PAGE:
Take time to savour the tastes and traditions of Devon at new 'Slow Food' market
PUBLISHED: 01:01 24 January 2008 | UPDATED: 08:47 10 June 2010
DEVON'S only Slow Food market is moving to Topsham's Matthews Hall after two years at Exeter Quay and changing its day of trading from Saturday to Sundays. The first monthly market of the year is on Sunday, January 20, from 11am to 3pm, with up to 20 loc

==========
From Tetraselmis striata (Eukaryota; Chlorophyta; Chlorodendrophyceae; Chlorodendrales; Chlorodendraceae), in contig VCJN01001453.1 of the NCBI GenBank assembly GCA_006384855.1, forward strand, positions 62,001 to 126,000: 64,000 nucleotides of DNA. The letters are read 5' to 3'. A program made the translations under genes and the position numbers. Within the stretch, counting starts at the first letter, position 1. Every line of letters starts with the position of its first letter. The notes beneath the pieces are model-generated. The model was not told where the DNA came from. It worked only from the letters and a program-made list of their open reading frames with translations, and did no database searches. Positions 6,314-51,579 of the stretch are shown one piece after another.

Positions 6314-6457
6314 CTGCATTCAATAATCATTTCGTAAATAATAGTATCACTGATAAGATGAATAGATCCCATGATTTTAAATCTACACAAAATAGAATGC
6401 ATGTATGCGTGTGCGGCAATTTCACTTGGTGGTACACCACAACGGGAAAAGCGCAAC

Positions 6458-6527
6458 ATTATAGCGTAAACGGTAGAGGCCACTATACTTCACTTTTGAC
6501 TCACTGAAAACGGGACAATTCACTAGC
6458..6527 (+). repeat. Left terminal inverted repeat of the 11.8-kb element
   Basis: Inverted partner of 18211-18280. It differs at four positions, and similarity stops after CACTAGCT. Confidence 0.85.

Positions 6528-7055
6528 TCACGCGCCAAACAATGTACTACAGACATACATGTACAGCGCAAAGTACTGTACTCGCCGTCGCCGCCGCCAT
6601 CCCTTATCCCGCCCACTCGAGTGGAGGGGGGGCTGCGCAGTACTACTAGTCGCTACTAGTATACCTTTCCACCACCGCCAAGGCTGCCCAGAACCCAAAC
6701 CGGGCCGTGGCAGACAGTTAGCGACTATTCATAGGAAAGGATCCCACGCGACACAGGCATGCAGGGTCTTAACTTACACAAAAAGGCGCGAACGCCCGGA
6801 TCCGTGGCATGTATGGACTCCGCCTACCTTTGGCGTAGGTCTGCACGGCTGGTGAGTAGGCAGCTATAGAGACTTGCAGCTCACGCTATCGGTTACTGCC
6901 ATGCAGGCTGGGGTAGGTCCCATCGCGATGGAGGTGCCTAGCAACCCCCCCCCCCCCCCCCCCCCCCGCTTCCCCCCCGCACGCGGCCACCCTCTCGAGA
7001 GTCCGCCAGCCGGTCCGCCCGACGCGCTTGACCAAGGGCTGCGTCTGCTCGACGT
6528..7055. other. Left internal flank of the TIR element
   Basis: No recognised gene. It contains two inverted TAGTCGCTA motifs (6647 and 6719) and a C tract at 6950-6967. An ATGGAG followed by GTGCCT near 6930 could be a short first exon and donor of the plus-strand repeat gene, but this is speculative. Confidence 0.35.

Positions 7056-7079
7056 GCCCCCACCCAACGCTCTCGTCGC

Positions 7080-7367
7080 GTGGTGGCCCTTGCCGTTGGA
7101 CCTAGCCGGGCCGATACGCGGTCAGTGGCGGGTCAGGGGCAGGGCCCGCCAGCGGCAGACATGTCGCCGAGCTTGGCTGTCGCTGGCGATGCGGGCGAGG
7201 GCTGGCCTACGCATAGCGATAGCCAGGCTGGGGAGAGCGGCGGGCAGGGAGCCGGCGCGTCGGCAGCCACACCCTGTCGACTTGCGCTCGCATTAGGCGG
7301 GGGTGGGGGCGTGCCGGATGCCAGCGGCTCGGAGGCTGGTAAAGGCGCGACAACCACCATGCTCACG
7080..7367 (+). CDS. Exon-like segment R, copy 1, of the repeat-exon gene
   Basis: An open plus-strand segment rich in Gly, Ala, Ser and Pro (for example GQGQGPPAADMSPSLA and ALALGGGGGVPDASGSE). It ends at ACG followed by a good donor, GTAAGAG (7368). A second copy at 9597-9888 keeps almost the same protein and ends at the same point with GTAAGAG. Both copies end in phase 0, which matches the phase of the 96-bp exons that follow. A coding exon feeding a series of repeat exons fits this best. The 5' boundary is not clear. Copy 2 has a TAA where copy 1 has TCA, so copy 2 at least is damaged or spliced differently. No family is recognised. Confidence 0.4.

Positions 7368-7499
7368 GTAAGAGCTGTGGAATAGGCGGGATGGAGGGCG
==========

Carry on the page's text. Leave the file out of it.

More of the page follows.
DEVON'S only Slow Food market is moving to Topsham's Matthews Hall after two years at Exeter Quay and changing its day of trading from Saturday to Sundays. The first monthly market of the year is on Sunday, January 20, from 11am to 3pm, with up to 20 local food and drink producers attending.Freddie Dudbridge, Devon Slow Food leader, said: "Topsham has a very strong sense of community and already supports a vibrant local food economy but moving the market here opens up many more opportunities for other food and drink producers. Just being inside the hall means more comfort for everyone, especially after last summer, and we plan to be a little bit different from the usual farmers' market."With the help of Marc Millon, food writer, fine wine importer and resident of Topsham, Slow Food Devon will run series of 'Taste' workshops at every market with guest products or themes, the aim being to inform people about the provenance and production method of particular consumables. 'The more you know about the food on your fork or the wine in your glass," said Marc, 'the better you appreciate the effort, skill, heritage and even family-held traditions, which we are in danger of losing completely in this age of fast food and global markets."In addition to the taste workshop, another new innovation is an area for shoppers to take a break and enjoy some hot food or simply relax with a glass of wine, beer or cider. Younger visitors will be provided with a safe area for play and other activities to fill the time. Matthews Hall is centrally located in Topsham's normally busy High Street and easily accessible by public transport. Local traders have welcomed the new market, especially as it will bring more people to the town on a Sunday. The Globe Hotel, taking its own table at the market, intends to provide a plate of food created from produce of other stallholders in attendance on the day. Liz Hodges, proprietor, says: 'We wholeheartedly support this initiative and the concept of Slow Food and look forward to a fun market every month."Slow Food is an international movement that aims to promote small or individual producers of artisan or special regional fare. For example, in Devon you might find meat from traditional breeds like Ruby Red cattle, excellent farmhouse cheeses and clotted cream, locally brewed beer and, of course, cider. Small farmers or artisan producers often struggle to find viable outlets for their produce or to receive a fair return for their efforts, another aim of Slow Food.
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